Blackfoot – Highway Song Live
Rock Candy Records
Blackfoot was the hard rock version of southern rock’s finest bands. Where Lynyrd Skynyrd and the Allman Brothers would take time between rocking out with a ballad, or a blues song or, in the Allmans case, a jazzy number, Blackfoot did nothing but pump out balls-to-the-wall southern fried rock and roll. In the studio, they were loud, in concert, they were dangerous.
When these red-necked rockers landed in Europe in 1982, they took the country by storm, riding high on a trifecta of albums: 1979’s Strikes, 1980’s Tomcattin’ and 1981’s Marauder. They took the stage and plugged in the Rolling Stones Mobile and recorded some of the baddest-ass riffs they had ever played to an audience that was so worked up they spontaneous sang the final cut on the album “Howay the Lads!”
The show starts out with “Gimme, Gimme, Gimme” and front man/lead guitarist/vocalist Rickey Medlocke spouts out the words as if they are competing for center stage with his distorted and bombastic riffs and solos.
This was a band of rockers who were dumb enough not to realize how great they were, yet smart enough to focus on the only thing that mattered, which was that evening’s performance. Blackfoot played like men possessed.
“Fly Away” is a great song that sets a tone, as Medlocke gives a shout out to his Uncle Shorty who was responsible for his musical DNA- the man who blew the harp on their biggest hit “Train Train.” Live, this song explodes with its massive riffage and fierce beat. The best song of the evening -every evening Blackfoot took the stage- was “Highway Song.” Best described as Blackfoot’s own “Free Bird,” the tune was a true game changer for the band.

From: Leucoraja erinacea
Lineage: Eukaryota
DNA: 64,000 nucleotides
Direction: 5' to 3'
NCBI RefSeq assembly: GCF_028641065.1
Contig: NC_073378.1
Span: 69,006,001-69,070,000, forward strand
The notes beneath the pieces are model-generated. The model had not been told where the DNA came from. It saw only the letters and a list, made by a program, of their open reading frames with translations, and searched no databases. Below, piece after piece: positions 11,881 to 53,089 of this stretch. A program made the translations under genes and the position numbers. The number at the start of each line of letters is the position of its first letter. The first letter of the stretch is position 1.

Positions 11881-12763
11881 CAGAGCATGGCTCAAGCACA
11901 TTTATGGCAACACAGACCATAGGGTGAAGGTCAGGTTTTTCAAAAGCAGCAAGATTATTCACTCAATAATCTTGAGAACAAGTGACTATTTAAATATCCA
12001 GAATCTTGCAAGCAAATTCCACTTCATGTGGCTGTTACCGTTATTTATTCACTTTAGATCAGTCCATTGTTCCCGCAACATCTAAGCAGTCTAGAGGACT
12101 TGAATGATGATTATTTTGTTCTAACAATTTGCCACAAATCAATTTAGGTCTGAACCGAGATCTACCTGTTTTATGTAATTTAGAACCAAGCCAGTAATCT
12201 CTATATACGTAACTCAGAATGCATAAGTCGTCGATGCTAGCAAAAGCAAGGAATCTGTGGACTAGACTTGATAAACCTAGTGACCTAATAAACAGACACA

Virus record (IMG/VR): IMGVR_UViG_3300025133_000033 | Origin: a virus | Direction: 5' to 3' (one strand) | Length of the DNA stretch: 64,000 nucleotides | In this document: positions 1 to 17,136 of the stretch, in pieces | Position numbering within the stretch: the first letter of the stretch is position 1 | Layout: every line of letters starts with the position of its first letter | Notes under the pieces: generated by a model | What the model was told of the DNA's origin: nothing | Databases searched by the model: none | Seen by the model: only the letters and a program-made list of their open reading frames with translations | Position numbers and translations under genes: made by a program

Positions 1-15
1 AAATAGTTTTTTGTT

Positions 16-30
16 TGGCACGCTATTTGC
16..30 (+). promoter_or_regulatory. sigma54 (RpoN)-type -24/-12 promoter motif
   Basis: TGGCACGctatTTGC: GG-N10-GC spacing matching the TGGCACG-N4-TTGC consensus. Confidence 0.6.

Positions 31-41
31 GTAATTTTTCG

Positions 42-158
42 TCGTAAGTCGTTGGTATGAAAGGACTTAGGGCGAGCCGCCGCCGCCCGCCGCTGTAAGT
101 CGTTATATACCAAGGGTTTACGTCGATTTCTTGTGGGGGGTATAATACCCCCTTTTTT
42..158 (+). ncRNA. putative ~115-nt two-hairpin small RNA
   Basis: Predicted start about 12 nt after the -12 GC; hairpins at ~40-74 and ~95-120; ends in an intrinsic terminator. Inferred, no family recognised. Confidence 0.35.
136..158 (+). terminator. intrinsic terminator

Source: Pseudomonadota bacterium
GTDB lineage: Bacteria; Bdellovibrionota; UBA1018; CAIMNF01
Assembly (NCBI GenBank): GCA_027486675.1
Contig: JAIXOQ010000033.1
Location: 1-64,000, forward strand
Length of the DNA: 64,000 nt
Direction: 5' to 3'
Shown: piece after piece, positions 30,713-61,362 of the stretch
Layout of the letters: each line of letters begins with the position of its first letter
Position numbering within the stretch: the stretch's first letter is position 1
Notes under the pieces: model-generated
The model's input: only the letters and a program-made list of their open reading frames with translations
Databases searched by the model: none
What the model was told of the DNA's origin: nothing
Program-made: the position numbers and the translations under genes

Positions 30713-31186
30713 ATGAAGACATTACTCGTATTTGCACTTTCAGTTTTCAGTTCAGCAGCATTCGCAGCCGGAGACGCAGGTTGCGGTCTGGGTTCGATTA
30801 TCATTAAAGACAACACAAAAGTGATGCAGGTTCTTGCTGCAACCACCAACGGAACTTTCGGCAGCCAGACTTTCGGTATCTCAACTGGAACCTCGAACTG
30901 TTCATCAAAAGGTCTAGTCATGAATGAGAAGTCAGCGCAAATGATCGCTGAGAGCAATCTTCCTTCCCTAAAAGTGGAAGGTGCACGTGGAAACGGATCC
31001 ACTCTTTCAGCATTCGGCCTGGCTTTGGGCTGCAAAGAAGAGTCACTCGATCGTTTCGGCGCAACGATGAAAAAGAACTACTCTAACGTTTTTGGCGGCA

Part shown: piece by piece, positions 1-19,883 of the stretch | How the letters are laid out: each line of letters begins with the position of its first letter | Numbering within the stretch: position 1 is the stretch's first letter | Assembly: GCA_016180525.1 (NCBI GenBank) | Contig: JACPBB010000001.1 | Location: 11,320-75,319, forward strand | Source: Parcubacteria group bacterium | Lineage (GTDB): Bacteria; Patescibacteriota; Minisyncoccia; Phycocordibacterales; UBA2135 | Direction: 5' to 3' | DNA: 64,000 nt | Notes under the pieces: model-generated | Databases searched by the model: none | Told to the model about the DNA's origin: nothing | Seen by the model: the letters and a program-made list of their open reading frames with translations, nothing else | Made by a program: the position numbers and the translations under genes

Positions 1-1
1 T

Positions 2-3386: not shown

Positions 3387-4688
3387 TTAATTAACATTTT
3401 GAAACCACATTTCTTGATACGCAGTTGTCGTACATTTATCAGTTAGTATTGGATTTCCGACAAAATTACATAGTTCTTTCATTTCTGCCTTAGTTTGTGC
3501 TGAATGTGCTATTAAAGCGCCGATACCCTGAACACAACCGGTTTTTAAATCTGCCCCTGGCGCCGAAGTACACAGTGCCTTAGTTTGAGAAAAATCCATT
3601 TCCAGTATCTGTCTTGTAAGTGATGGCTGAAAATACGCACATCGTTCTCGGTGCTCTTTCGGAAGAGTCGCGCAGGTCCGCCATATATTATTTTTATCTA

“Highway Song” is a tune that mixes the loneliness of the road with the exhilaration of a live rock show. The lyrics, the sounds, and most of all the solos, make this one of the shining examples of the short lived, and often underappreciated, genre of Southern Rock.
Members of Blackfoot were true rock stars, and on this live effort they more than proved the south is indeed quite capable of rising up and doing it again!
1. GIMME, GIMME, GIMME
2. EVERY MAN SHOULD KNOW (QUEENIE)
3. GOOD MORNING
4. DRY COUNTY
5. ROLLIN’ & TUMBLIN’
6. FLY AWAY
7. ROAD FEVER
8. TROUBLE IN MIND
9. TRAIN TRAIN
10. HIGHWAY SONG
11. HOWAY THE LADS
By Jeb Wright
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